Friday, June 10, 2011

Theme of the Week :Down On the Farm

This month I am doing 2 story programs each week. The first is a sort of introduction to story time for some of the one year olds that have come to my "Mother Goose" and will be coming to the 2 year old's program in the fall.

It's an easy program in some ways because since I am guaranteed a new batch of kids each year. So I have 4 planned programs I can just pull out week to week. And because it's just those 4 programs, it doesn't get boring to have to do the same stuff each year. Besides, when you're working with kids still in diapers, it never gets boring anyway--never know what they will do.

My Mother Goose Time is a circle time without books. In this program I add books to the Mother Goose games, but I make sure that I pick books that have either action or lots of space for audience participation.

 I am lucky to have a giant paperback of this book because I can prop it up on my easel and let the kids all ooh and ah over the bold pictures of some of their favorite animals. The text simply talks about how the little girl loves each of the animals ending with "I love all the animals and I hope they love me". We have fun pointing to small details and making the animal noises. The opening and closing spreads show the entire, very British farm and all the animals, plus a tractor for my machine loving boys.

When this is over, it's the perfect time to pull out my basket of animal puppets. The kids are used to these from Mother Goose Time, where each week mid-way through the program I bring out some of the puppets and we sing "Down On Grandpa's Farm". But instead of singing that, this time I sang a Pete Seeger favorite, "I Had A Rooster", You can find the Folkways recording of Pete singing it here. And though I sang a different song, I still brought each puppet around the circle so that the kids could interact with them--some like to hug or kiss the puppets, others simply stare at them and a few almost hide!

I fell in love with this book the first time I ever read it and I knew it was the perfect book to go with the "riding" games I play with the Mother Goose set. When I read it to the group, I suggest that the parents get the kids on their laps--if the kids are willing, that is--and play along.

Horse takes first Cat, then Dog, then Pig and finally Duck on his back and gallops along "Clip-clop, Clippety-clop", going faster and faster until he suddenly stops and they all fly off into a haystack. "Oh, dear!" says Horse, but like toddlers reading this book, all the animals just shout gleefully "Again!"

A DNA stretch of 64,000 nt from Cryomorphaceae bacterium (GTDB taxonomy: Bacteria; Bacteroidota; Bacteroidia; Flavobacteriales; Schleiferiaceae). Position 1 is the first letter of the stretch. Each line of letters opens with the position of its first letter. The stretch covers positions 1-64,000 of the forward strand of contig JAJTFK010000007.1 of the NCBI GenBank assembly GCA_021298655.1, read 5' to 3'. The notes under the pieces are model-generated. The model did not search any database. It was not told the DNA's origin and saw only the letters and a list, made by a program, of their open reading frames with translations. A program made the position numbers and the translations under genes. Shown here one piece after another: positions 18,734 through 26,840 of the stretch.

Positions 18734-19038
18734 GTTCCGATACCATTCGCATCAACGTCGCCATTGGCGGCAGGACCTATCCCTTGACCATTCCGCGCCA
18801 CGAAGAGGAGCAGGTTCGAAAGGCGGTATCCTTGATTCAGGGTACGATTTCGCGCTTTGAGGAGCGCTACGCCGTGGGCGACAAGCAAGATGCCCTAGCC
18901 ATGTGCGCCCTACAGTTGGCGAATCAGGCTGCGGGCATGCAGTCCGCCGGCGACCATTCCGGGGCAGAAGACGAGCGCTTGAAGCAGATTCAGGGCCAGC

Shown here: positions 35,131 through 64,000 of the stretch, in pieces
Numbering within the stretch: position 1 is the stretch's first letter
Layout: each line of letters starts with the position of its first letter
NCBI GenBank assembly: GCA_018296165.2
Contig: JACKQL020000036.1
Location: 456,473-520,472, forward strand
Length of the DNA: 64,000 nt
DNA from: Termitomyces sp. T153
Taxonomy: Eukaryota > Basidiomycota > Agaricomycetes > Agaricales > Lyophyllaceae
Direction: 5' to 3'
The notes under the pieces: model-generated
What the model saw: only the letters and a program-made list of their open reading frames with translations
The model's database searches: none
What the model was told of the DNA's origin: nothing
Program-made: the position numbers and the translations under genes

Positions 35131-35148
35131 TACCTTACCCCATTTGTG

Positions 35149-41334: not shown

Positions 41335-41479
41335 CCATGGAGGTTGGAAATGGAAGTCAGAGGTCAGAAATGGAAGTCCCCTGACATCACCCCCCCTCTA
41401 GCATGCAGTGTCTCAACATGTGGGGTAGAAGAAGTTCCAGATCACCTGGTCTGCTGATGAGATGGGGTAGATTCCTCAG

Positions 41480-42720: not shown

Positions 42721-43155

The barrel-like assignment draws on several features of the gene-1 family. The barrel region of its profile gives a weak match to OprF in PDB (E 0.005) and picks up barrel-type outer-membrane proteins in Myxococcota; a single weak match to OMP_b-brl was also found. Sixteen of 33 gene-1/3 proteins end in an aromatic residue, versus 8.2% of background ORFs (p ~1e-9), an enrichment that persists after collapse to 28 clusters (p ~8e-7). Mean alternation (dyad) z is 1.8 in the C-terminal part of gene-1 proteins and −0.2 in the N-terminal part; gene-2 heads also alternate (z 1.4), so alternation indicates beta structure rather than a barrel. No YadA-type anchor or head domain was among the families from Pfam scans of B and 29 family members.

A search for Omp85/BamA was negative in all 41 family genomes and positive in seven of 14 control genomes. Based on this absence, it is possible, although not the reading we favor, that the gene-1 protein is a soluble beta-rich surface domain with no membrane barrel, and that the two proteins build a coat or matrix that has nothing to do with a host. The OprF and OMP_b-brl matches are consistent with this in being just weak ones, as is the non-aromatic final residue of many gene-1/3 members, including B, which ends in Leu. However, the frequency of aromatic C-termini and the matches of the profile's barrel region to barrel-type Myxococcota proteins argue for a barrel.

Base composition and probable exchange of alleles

After this we play riding games: "Father,Mother and Uncle John", "This Is The Way The Farmer Rides" and my girls' favorite "Trot,Trot To Boston".
  If anyone wants/needs info on these, I'd be happy to send it or post it....

The older kids (2 and up!) program is being done in the main part of my children's room, instead of in the story room. With the furniture cleared, it's a big open space where I use the occasional "big book", but mostly tell stories, with lots of props and some audience participation.

Audience participation is tricky. Right now I have several barely 2s who toddle up to me, uncontrolled by their nannies and can't really do what we're doing. Then there are kids who take a prop and turn shy. One young lady did that yesterday and put her prop down, so I gave it to a more willing child. Then girl #1 of course burst out crying. Sigh....

I have had an oversized magnet board of this story for years, but it wasn't big enough to use with a large group. So I grabbed 2 straw hats, an egg shaker and various puppets and retold the story of the farmer who loses his hat, of the animals who see it as other things (a flowerpot, a boat, a flapping bird) and of the bird who thinks it's a nest. And of course the farmer can't tell Bird otherwise, so he gets a new hat instead!

Since I had the egg shaker out, I brought out the whole basket and we did Nancy Stewart's Egg Shaking Song. The only problem with doing this is that I have no helper, and when you have 40 something kids, it takes a while to hand out all those eggs. I am looking forward to having my daughters help this summer!

I thought my version of "The Turnip" had come from Heather Forrest's, but I just listened to hers and realized I must have gotten the chant from a colleague and then done the rest myself. If you'd like to hear my version, which is perfect for hats and audience participation, the podcast is below:

I like to hold the hands of the kid pretending to be the farmer while I'm the turnip. Think I need to make or find a turnip hat :D

Another Pete Seeger song I love to do is "Jim Along Josie" because it has lots of action and movement for my over active toddlers and preschoolers. It's from "American Folk Songs and Games For Children" and you can hear it here.

Finally, we did "The Farmer in the Dell". There are lots of book versions, but it's loads of fun to act out, again with hats. If you have a "cheesehead" hat you are in luck for the ending. I have a prop cheese made of styrofoam painted yellow and with holes cut with an Xacto knife someone made for a display, or a simple cardboard version would be easy to create.

That's about all for the farm. Next week, I'm doing "Fathers" for the older kids and probably "All About Me" for the little ones............

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